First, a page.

After half an hour of Gumbolls’ beery breath wafting over him Alois weakly agreed to deliver the sermon as written and set himself the task of learning it by rote. He had only managed a few lines when the Graf von Limburg was announced, or rather barged in as the novice stumbled through his name.
|Graf von Limburg|
‘Right, your Grace...’ said von Limburg, in a voice that clearly had developed a sense of purpose over the years ‘you understand that, at your investiture you will be reviewing the troops of the Patrimony?’
‘I believe so’ replied Alois with a high pitched irritability. ‘What of it?’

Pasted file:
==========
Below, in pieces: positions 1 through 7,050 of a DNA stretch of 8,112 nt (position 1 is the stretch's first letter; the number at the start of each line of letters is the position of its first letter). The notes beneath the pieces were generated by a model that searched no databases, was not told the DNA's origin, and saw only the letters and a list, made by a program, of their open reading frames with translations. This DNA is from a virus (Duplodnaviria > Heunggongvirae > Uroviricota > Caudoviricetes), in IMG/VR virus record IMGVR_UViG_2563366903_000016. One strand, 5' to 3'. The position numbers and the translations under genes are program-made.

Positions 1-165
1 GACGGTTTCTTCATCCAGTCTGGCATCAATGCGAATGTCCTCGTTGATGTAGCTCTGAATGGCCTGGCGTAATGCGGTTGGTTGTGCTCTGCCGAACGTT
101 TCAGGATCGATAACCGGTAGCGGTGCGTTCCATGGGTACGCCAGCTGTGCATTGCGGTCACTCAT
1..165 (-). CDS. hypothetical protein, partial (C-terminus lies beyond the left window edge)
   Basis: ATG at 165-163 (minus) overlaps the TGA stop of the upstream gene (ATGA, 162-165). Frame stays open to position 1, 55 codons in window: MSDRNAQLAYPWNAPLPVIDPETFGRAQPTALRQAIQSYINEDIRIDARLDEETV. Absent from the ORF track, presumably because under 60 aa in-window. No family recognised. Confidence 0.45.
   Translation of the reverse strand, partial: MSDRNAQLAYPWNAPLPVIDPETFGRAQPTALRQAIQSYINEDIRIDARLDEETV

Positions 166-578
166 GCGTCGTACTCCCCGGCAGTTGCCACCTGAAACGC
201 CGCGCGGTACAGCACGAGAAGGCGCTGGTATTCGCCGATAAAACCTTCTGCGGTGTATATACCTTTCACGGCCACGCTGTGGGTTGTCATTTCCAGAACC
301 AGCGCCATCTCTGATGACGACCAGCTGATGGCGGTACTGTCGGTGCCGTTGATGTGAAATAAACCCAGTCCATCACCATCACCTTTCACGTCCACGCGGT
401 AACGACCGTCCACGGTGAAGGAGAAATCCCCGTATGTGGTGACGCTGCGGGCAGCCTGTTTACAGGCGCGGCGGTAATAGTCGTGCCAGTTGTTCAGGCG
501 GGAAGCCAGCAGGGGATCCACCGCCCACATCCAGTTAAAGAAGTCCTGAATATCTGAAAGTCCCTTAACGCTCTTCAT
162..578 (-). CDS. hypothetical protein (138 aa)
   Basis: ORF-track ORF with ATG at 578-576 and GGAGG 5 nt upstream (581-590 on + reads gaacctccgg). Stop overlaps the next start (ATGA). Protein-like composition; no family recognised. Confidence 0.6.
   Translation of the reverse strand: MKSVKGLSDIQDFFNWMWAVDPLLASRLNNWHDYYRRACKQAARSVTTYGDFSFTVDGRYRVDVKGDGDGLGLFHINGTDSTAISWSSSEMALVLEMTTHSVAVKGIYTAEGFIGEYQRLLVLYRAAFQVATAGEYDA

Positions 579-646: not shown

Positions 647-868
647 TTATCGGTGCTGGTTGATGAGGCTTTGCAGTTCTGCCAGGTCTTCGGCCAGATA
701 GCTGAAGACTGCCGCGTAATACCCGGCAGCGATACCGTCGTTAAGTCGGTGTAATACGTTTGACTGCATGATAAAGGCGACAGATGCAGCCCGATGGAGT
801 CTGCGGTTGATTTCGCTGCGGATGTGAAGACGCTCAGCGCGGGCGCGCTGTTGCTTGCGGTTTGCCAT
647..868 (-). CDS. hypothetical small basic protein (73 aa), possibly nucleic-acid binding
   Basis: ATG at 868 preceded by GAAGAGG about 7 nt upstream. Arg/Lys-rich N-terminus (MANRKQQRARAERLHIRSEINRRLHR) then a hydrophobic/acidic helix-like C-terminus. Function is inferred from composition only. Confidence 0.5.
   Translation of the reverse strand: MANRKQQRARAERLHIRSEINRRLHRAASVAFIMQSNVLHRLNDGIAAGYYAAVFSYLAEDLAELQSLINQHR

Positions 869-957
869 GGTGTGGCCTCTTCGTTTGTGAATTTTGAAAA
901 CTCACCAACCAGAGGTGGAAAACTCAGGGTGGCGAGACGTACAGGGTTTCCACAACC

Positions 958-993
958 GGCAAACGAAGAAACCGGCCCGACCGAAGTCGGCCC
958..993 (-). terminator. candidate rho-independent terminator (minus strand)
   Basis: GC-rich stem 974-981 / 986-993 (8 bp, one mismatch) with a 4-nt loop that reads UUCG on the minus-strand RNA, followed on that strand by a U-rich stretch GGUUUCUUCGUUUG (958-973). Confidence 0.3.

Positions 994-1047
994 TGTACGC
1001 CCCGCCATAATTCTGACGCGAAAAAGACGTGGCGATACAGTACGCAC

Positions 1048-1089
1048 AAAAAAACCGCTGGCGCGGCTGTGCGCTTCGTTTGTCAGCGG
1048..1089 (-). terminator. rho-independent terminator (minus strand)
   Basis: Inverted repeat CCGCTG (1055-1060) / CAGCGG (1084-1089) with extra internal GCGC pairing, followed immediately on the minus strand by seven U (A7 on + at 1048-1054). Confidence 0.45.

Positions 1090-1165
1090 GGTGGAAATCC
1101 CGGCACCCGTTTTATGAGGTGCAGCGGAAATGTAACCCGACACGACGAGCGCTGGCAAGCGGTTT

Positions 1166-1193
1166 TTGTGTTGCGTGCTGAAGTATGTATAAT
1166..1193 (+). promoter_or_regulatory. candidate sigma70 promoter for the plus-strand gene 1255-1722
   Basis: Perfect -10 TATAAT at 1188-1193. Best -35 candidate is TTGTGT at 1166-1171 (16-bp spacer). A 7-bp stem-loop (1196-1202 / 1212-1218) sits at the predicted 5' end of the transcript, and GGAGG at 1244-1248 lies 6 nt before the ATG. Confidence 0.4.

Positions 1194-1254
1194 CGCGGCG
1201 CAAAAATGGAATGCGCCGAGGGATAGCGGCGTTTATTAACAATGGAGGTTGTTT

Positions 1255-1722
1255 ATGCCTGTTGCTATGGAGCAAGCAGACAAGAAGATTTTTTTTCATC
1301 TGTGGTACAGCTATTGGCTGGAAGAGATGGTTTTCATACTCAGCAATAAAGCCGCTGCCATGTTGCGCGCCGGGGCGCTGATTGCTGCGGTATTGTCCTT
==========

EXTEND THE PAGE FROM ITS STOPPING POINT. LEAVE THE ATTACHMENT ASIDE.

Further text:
‘Well, your Grace, I am Colonel-in-Chief of your regiments and I am keen to ensure that there are no errors’ von Limburg said, insinuating most clearly that Alois was certain to commit numerous military crimes as he was simply a bumbling civilian.
Alois chuckled ‘But my dear Graf, this is not the Imperial Army, this is a small police force, a Gendarmerie at most whose duties are...’
The Graf exploded like a gigantic belch, his face going a shade of purple that Alois would have been certain never existed in nature.
‘YOUR GRACE!’ roared von Limburg gently, ‘You must not speak like this. Our army may be small but the units are models or professionalism with the highest standards of drill, the very best equipment, the most professional officers the...’
|Abbots Lifeguard on dismounted duty|
Alois held up his hand, soothingly. ‘Yes, my dear Graf, yes...’ he said placatingly, ‘but tell me, when was the last time we actually went to war?’